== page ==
Another excerpt from my work-in-progress: “Today cancer, Tomorrow The World!”
This excerpt deal with trying to eat food during chemo, because chemo affects your taste buds.
Advice from my oncology nurse: “Don’t try to eat your favorite foods during chemo because they won’t taste good and you’ll never want to eat them again.”
When you lose comfort food, you lose comfort. I couldn’t turn to it for comfort. If I ate comfort food during chemo and it didn’t taste good, I couldn’t risk never wanting to eat it again, So I dreamed of comfort. It was a mirage that kept me going. My top one: turkey with mash potatoes and gravy. Yes, food I had every Thanksgiving. When I was a kid, I take a huge mound of potatoes and shape it into a dam then fill it with brown gravy. An unsuspecting population made of slices of turkey are on the plate around the dam, unaware of the tragedy that is going to engulf their quiet all-white community. My spoon presses down on the potatoes and breaches the dam. Hot gravy pours from the potato dam and floods the screaming turkey-slice population, drowning and burning them alive. I utter little shrieks. After this creative carnage, I swirl the potatoes and the gravy and the turkey slices into one gigantic glop, salt and eat it. I clung to the belief I’d emerge out of the chemo jungle from my firefight with cancer and return to a day where every bite was a Thanksgiving. Yes, I thought about barbecued rib-eye, a greasy rare cheeseburger, veal parmesan, the crisp taste of a chardonnay with a light touch of toasted oak, devil’s food cake, home-made chocolate chips with shiny bottoms and dipping frozen Girl Scout Chocolate Mint Cookies in milk. Then there were the staples of my Freehold-NJ childhood: chocolate-dipped ice cream cones from Jersey Freeze, Federici’s pizza, Monmouth County Peanut Brittle, and Sorrento’s submarine sandwiches. But peaches, I almost forgot about peaches! And what about peaches? Biting and softly tearing the soft skin off a ripe peach as my front teeth gently bit down and stripped away the sweet fruit from a pitted scarlet seed and the the pulp’s sticky nectar dribbling down my chin.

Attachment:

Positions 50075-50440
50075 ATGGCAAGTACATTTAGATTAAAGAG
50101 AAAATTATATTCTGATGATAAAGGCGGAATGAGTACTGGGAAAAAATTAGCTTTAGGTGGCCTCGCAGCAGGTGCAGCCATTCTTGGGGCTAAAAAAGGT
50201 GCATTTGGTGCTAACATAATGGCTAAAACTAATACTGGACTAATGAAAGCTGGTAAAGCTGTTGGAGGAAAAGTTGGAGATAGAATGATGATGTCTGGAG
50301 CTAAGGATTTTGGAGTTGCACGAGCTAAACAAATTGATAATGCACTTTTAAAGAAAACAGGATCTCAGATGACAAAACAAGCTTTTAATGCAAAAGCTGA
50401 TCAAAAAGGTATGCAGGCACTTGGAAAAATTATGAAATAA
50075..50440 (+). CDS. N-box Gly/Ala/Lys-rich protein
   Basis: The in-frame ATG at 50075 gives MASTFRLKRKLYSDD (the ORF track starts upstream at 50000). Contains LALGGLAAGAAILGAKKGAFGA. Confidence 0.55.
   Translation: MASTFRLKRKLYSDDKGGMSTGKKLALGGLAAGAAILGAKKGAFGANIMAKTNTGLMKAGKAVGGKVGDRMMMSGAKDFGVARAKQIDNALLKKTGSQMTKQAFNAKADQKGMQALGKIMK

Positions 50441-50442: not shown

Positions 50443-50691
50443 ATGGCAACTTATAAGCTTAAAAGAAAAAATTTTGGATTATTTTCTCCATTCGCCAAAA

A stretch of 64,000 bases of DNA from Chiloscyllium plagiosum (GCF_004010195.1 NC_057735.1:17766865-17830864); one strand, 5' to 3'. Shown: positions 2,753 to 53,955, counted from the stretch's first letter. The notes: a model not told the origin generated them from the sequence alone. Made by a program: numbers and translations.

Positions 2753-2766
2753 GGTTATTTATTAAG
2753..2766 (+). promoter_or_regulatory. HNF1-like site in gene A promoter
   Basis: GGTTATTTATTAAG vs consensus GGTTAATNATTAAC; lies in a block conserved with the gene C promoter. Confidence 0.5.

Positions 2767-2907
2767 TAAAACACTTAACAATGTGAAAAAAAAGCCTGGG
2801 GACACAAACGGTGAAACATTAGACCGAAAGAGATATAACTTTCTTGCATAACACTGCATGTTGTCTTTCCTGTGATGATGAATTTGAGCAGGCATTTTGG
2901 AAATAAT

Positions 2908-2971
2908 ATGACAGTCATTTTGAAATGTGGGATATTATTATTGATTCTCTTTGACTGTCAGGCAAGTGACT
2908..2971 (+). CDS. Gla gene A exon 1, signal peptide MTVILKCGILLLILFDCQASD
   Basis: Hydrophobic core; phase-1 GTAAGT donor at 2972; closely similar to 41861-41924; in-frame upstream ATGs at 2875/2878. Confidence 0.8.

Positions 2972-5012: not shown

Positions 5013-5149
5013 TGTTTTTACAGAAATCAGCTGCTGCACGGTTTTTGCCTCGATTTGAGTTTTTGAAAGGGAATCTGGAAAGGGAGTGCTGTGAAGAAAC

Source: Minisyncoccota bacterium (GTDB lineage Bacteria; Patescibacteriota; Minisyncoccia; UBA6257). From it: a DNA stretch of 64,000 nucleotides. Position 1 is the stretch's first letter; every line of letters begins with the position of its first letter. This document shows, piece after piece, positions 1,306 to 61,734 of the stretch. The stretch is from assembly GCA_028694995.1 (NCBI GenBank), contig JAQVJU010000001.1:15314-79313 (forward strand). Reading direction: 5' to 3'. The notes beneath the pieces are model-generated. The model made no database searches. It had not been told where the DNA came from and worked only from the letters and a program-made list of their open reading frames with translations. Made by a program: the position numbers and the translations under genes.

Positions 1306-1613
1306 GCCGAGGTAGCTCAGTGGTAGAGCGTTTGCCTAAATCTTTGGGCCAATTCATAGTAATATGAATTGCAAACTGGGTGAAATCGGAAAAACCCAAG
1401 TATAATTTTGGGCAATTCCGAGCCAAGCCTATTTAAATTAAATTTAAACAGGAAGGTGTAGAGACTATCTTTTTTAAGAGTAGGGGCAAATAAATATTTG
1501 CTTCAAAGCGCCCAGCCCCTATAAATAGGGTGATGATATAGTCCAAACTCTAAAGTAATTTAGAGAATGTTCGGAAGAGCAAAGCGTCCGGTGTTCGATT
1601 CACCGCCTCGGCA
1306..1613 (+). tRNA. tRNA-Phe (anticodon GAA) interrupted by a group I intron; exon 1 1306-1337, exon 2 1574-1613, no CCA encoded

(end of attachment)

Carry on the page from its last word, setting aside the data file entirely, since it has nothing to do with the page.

I sat in the chair, unable to eat. I wasn’t home. I was somewhere else. My reduced life completely encased in a pressurized submarine of claustrophobic misery. My thoughts run silent and deep to draw strength from the depths within myself. Barrels of chemo charges quietly sink around me and detonated their side effects. The drug’s shock waves compress the delicate joints that hold together the hull of my self-contained presence. Will I be crushed? My insides twist and I groan as I bend back and forth. The deeper I dive to escape these forces, the more my desire increases to surface into the world of peaches and cheeseburgers and frozen Girl Scout Chocolate Mint Cookies again. And somehow, I believe my hunger for the future from the past comfort foods that nourished me means I’m going to taste it.